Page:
• Profitability: Strong revenue growth improved profitability. Although last year’s study results identified that growth was stronger than it had been in years, profit margins remained stubbornly flat thanks to waning contingent income growth. That trend has now reversed. This year’s results show that contingent income has grown an average of 21.8% for agencies with revenue totally less than $5 million, and an average of 10.7% for those with revenue of more than $5 million. At the same time, agencies did a much better job of controlling expenses so that operating profits grew faster than contingent income. The result? Smaller to mid-sized firms enjoyed an average ProForma EBITDA margin of 29.3%, while the larger firms averaged 22.7%.
 
• Value Creation: Last year proved to be a solid year of value creation. The Rule of 20 scores, a simple growth and profitability balancing equation that provides a quick way to determine whether or not agency is creating value for its shareholders, were the highest they’ve been in several years. Small to mid-sized agencies earned an average score of 24.1, while agencies over $5 million earned 20.8. Generally speaking, an outcome of 20 or higher—regardless of growth and profitability—indicates that the agency’s shareholders can expect to earn 15-17% per year through stock price appreciation and/or shareholder distributions.
 
“The 2013 results indicate that Best Practices agencies continue to grow and increase profitability, the key components of agency value,” says Robert Rusbuldt, Big “I” president & CEO. “Overall, we are pleased, but not surprised, that the independent insurance agency system remains strong and stable.”   
 
Every three years, the Big “I” collaborates with Reagan Consulting to select “Best Practices” firms throughout the nation for outstanding management and financial achievement in six revenue categories (less than $1,250,000; $1,250,000 to $2,500,000; $2,500,000 to $5,000,000; $5,000,000 to $10,000,000; $10,000,000 to $25,000,000; and more than $25,000,000). Agencies are nominated by either a Big “I”-affiliated state association or an insurance company and qualified based on -operational excellence. Financial and benchmarking information for the participating agencies are also reviewed and updated.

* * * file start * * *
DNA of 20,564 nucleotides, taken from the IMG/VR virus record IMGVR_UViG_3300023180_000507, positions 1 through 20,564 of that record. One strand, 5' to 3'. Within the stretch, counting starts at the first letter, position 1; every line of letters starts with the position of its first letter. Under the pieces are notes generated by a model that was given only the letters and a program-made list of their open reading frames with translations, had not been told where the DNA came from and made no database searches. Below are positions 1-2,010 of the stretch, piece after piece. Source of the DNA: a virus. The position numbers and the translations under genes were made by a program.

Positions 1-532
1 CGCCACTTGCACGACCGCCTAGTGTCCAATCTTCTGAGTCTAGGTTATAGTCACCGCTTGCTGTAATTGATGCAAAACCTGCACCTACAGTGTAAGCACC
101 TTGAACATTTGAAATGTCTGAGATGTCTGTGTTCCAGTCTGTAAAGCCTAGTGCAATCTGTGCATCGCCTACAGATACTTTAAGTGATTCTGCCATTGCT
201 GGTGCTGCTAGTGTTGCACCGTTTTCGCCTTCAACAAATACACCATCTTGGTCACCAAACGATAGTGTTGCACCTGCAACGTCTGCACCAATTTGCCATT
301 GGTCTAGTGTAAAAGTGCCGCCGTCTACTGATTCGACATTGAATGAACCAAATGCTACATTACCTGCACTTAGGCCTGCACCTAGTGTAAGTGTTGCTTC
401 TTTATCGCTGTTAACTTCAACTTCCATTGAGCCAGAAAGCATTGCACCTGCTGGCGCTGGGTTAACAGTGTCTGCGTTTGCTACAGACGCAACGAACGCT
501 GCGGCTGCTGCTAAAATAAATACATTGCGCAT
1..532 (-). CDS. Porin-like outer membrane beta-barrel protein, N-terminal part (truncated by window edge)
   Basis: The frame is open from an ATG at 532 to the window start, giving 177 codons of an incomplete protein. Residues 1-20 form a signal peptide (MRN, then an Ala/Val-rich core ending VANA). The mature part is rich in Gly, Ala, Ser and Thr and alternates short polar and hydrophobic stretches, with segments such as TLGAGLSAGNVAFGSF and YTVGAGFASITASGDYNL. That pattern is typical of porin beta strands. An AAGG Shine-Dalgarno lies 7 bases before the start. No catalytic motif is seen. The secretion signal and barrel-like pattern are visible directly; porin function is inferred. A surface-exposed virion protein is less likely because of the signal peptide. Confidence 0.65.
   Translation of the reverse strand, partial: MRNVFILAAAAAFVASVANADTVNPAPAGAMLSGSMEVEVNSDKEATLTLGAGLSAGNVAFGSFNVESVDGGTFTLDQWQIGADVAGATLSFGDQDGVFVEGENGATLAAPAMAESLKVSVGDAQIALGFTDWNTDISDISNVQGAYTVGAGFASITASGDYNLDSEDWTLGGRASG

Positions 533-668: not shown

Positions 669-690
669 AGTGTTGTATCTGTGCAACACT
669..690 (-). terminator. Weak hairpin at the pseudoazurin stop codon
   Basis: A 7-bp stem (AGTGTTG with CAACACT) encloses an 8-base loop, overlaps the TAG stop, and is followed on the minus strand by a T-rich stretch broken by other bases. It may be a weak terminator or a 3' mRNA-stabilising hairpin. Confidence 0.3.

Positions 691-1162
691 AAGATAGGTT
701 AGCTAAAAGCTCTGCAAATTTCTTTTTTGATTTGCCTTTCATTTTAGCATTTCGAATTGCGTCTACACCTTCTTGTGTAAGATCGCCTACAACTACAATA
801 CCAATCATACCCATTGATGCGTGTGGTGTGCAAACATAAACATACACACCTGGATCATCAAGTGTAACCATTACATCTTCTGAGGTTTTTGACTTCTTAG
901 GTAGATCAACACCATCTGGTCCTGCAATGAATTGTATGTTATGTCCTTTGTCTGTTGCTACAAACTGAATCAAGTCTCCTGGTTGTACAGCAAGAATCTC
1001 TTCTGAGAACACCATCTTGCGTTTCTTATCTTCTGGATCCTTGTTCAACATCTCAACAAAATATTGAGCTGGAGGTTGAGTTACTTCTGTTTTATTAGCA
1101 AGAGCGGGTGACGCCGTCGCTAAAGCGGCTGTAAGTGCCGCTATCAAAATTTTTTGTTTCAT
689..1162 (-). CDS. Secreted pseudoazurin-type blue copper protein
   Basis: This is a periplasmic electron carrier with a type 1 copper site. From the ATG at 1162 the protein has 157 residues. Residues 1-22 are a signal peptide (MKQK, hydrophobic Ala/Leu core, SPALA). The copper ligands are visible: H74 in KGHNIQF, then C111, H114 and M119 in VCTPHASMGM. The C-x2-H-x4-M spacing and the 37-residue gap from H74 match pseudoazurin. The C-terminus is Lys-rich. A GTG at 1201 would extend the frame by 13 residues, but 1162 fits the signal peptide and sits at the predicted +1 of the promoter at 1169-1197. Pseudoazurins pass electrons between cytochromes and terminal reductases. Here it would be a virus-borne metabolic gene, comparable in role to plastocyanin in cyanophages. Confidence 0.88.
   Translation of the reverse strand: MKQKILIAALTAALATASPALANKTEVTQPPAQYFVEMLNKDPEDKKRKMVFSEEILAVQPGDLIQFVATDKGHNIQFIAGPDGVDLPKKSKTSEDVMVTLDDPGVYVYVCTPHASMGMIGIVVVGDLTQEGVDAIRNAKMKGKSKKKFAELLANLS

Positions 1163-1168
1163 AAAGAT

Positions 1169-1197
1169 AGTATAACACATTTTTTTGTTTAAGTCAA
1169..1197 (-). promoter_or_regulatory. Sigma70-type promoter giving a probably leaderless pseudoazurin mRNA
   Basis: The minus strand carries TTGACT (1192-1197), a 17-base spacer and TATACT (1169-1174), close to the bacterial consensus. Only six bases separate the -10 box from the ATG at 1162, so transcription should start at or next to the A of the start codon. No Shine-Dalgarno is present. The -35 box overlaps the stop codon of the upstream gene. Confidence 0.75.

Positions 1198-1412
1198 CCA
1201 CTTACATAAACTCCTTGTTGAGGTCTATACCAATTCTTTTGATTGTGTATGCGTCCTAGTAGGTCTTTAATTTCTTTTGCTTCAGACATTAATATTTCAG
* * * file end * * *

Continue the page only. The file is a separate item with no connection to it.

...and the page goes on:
The Best Practices Study was initiated by the Big “I” in 1993 as the foundation for efforts to improve agency performance and create higher valued agencies. The survey and study of leading independent insurance agencies documents the business practices of these “best” agencies and urges others to adopt similar practices. 
 
Sixteen insurance companies and four industry vendors provide financial support for the research and development of the Best Practices study – Agency Business Solutions/Amerisure Insurance, Applied Systems, Beyond Insurance, Central Insurance Cos., Chubb, CNA, EMC Insurance Companies, Encompass Insurance, Erie Insurance, Great American Insurance Group, The Hanover Insurance Group, Harleysville Insurance, Imperial PFS, InsurBanc, Kemper Preferred, Liberty Mutual Agency Corporation, Main Street America Group, Ohio Mutual Insurance Group, Travelers and Westfield Insurance. 
 
The complete report can be purchased as an e-book or in paper form.
 
Founded in 1896, IIABA is the nation’s oldest and largest national association of independent insurance agents and brokers, representing a network of more than a quarter of a million agents, brokers and their employees nationally. Its members are businesses that offer customers a choice of policies from a variety of insurance companies. Independent agents and brokers offer all lines of insurance—property, casualty, life and health—as well as employee benefit plans and retirement products. Web address: www.independentagent.com.